Oil Check: Production Caps and Misfortune Create Upward Price Pressure

Whether you were lucky enough to experience gas at less than $2 last year or not, those prices are long gone. If you’ve followed any of our previous oil checks, you’re aware that the price of gas is heavily influenced by the price of the crude oil used to distill gasoline. But with prices on the rise, questions arise. Why was it so cheap last Summer? Why is it becoming so expensive now? In this post, we’ll outline the influences on the rise in gas prices and when we can hope to see a decline in this expense.

Price of Oil

For most of the pandemic, fuel prices have been below typical levels. This is largely due to the global surplus of oil caused by the rapid pause on travel and shipping in early 2020. However, in the past few months, large oil distributors have focused on rapid rebalancing.

For nearly a year, OPEC+ has held to production caps across all its traditional and expanded membership. Since demand was exceptionally low for most of 2020, major oil producers like Saudi Arabia had to weather low prices. In January, Saudi Arabia decided to accelerate the market rebalancing by cutting an additional million barrels per day (b/d) of oil production.

Outside of OPEC’s influence, another large producer was also forced to make cuts. EIA estimates U.S. crude oil production declined by 0.5 million b/d in February as a result of extremely cold weather that caused well freeze-offs. This additional reduction in supply occurred against a backdrop of rising global oil demand.

Constricting Supply

As a result of OPEC+ capping their production and mother nature limiting that of the U.S., global oil markets constricted severely last month. According to EIA, February global liquid fuel supplies fell by 1.8 million b/d from January. Which was met with a rise in liquid fuels consumption of 2.2 million b/d. The result? The strongest monthly global oil inventory draw since inventories began falling in mid-2020. Initial estimates show February global oil inventory draws were 0.6 million b/d larger than forecast last month.

Though driving levels have not recovered to pre-pandemic levels, demand has been steadily increasing over recent weeks. Increased driving activity is doing its part to quickly rebalance world oil supply, along with some unexpected influencer events. Some refineries affected by the Texas Freeze are still coming back online, and it may take others until April at the earliest. Another disruption occurred when Yemen rebels attacked a key facility in Saudi Arabia. Though the attack itself does not appear to have affected production, prolonged targeting of this and similar facilities could have greater impact.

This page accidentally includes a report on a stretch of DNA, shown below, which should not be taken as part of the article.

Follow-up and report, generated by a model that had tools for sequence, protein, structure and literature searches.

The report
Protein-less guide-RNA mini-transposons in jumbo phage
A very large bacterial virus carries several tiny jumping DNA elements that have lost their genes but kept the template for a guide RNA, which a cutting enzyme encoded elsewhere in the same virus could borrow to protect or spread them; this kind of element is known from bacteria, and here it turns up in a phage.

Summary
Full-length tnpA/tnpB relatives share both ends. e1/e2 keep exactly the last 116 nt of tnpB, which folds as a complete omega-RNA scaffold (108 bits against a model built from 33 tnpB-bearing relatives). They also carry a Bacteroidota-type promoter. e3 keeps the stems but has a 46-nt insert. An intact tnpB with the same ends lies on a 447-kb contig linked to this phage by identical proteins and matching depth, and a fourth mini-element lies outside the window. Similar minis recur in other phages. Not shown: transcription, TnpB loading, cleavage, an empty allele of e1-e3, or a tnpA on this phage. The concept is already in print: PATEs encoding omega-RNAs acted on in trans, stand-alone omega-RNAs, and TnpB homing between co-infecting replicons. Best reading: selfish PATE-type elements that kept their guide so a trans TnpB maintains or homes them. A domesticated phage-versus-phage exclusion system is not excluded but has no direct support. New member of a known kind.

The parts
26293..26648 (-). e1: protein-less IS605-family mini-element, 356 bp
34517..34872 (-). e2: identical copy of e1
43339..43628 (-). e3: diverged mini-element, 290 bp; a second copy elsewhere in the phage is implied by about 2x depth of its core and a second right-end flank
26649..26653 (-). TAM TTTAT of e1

Developing Demand

As vaccinations rates and economic activity increase, so has the demand for oil. Due to the production caps and acts of nature, this demand for fuel is unfortunately beginning to exceed current production. How close are we to pre-pandemic levels? According to EIA, “the world consumed 95.9 million b/d of petroleum and liquid fluids in February 2021… down 1.6 million b/d from February 2020.” This may only be an estimate, but it indicates the smallest year-over-year decline since the pandemic began.

Return of Low Gas Prices

Unfortunately, paying less at the pump is unlikely to happen in the next few months. As outlined in a previous oil check, refineries need to retool to produce summer’s gasoline blend. This blend is also more expensive to refine, which typically results in higher costs of summer fuel. The timing of all these—intentional and unplanned—market influencing events has merged into a solid floor under fuel prices. In short, we’re unlikely to see prices relax until June or July.

U.S. gasoline stocks

Given how consistent OPEC+ has been about their production caps, supply will likely remain constrained in the near term. Rising demand only works to guarantee that. Some are convinced that we will see demand reach pre-COVID levels during the summer. Others believe too much has changed about the way we work to believe demand will ever return to the levels of 2016 to 2019. Which is right? We won’t know until it happens. But in this uncertainty, the company with the most flexible vehicle program is best equipped for the situation. Check out our FAVR offering to learn more.

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The Author

Ken Robinson

As Market Research Manager, Ken identifies, interprets and reports on trends that affect the Anywhere Workforce.

Read more by Ken Robinson

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